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Marshal-Admiral The Marquis Tōgō Heihachirō Saneyoshi
Nickname "The Nelson of the East"
Born (1848-01-27)January 27, 1848
Died May 30, 1934(1934-05-30) (aged 86)
Place of birth Kajiya-Chō, Kagoshima-Jōka, Satsuma, Japan
Place of death Tokyo, Japan
Allegiance  Empire of Japan
Service/branch  Imperial Japanese Navy
Years of service 1863–1913
Rank Marshal-Admiral
Battles/wars Anglo-Satsuma War
Boshin War
First Sino-Japanese War
Russo-Japanese War
Awards Collar of the Supreme Order of the Chrysanthemum
Order of the Golden Kite (First Class)
Grand Cordon of the Order of the Rising Sun
Grand Cordon of the Order of the Sacred Treasure
Order of Merit
Honorary Knight Grand Cross of the Royal Victorian Order
Other work tutor to Crown Prince Hirohito

Marshal-Admiral Marquis Tōgō Heihachirō, OM, GCVO ((東郷 平八郎; 27 January 1848 – 30 May 1934), was a Gensui or Admiral of the Fleet in the Imperial Japanese Navy and one of Japan's greatest naval heroes. He was termed by Western journalists as "the Nelson of the East", after Horatio Nelson, the British admiral who defeated the French and Spanish at Trafalgar.

Early life


Tōgō was born on 27 January 1848 (by the Western calendar) in the Kajiya-chō (加治屋町) district of the city of Kagoshima in Satsuma domain (modern-day Kagoshima prefecture), in feudal Japan, the third of four sons of Togo Kichizaemon,[1] a samurai serving the Shimazu daimyo, and Hori Masuko (1812-1901).

Kajiya-chō was one of Kagoshima's samurai housing-districts, in which many other influential figures of the Meiji period were born, such as Saigō Takamori and Ōkubo Toshimichi. They rose to prominent positions under the Meiji Emperor partly because the Shimazu clan had been a decisive military and political factor in the Boshin war against the Tokugawa Shogunate during the Meiji Restoration.

Tokugawa conflicts (1863–1869)

Tōgō's first experience at war was at the age of 15 during the Bombardment of Kagoshima (August 1863), in which Kagoshima was shelled by the Royal Navy to punish the Satsuma daimyo for the death of Charles Lennox Richardson on the Tōkaidō highway the previous year (the Namamugi Incident), and the Japanese refusal to pay an indemnity in compensation.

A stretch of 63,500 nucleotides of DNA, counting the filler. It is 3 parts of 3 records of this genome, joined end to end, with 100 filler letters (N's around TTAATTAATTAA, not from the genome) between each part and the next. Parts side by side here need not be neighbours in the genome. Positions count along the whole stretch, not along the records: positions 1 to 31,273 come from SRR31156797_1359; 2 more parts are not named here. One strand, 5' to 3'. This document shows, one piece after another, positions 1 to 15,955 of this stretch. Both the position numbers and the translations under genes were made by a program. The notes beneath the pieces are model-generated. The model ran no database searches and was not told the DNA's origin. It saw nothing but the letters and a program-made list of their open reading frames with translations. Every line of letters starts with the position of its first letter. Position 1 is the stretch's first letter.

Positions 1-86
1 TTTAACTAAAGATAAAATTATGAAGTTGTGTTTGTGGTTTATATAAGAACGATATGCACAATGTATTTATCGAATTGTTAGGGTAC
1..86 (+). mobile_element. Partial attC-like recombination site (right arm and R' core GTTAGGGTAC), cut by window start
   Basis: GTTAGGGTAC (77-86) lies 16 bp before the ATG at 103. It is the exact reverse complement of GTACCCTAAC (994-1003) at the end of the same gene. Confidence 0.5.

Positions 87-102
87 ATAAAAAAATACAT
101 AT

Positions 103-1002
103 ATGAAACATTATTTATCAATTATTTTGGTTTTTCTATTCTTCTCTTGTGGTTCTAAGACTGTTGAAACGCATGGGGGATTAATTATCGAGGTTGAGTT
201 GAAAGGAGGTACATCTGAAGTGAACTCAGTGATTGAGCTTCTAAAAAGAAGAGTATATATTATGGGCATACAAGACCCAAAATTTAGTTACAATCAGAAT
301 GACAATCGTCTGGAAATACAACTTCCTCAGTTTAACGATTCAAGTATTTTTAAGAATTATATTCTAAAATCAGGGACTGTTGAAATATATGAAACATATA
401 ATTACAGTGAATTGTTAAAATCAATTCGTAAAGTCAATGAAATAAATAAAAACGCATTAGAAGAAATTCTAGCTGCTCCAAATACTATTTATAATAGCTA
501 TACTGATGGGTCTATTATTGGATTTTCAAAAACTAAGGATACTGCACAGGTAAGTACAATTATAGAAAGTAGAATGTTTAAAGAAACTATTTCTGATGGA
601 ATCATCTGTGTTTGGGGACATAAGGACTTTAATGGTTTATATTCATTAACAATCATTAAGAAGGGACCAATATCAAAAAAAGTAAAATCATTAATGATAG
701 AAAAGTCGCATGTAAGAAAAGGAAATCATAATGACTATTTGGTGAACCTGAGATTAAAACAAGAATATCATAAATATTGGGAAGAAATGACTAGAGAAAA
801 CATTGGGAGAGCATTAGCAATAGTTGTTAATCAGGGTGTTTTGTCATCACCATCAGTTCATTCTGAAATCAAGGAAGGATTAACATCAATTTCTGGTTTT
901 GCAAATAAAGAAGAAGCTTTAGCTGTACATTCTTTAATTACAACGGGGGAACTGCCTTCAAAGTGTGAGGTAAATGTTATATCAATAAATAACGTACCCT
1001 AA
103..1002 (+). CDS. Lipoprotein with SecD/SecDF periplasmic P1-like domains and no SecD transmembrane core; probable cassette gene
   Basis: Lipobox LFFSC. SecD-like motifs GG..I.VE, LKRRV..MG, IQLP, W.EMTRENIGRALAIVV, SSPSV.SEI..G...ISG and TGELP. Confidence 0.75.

The following year, Satsuma established a navy, in which Tōgō and two of his brothers enrolled. In January 1868, during the Boshin War, Tōgō was assigned to the paddle-wheel steam warship Kasuga, which participated in the Naval Battle of Awa, near Osaka, against the navy of the Tokugawa Bakufu, the first Japanese naval battle between two modern fleets.

As the conflict spread to northern Japan, Tōgō participated as a third-class officer aboard the Kasuga in the last battles against the remnants of the Bakufu forces, the Naval Battle of Miyako and the Naval Battle of Hakodate (1869).

Officers of Kasuga, in August 1869. Third-class officer Tōgō is dressed in white, top right.

Studies in Britain (1871–1878)

Tōgō during his studies in Europe, in 1877

Tōgō studied naval science for seven years in England as an apprentice officer, from 1871 to 1878, along with several other Japanese students. Tōgō visited London, at that time the largest and most populous city in the world. Many things were strange to Japanese eyes; the round houses made out of stone, the 'number and massiveness of the buildings', 'the furnishings of a commonplace European room', 'the displays in the butchers' shop windows: it took them several days to become accustomed to such an abundance of meat.' The Japanese group was separated and sent to English boardinghouses for individual instruction in English language, customs and manners. Next, Tōgō was sent to Plymouth, where he was assigned as a cadet on HMS Worcester, which was part of the Thames Nautical Training College, in 1872. Tōgō found his cadet rations 'inadequate': "I swallowed my small rations in a moment. I formed the habit of dipping my bread in my tea and eating a great deal of it, to the surprise of my English comrades." This was attributed possibly to Tōgō's 'Far Eastern metabolism', the lack of rice, 'or that some other essential element was missing; or perhaps the climatic differences sharpened his appetite.' Perhaps the excitement of his adventure contributed, or maybe Togo just liked the food. Tōgō's comrades called him 'Johnny Chinaman', being unfamiliar with the 'Orient', and not knowing the difference between Asiatic peoples. 'The young samurai did not like that, and on more than one occasion he put an end to it by blows.' Tōgō also surprised these young Englishmen by graduating second in the class.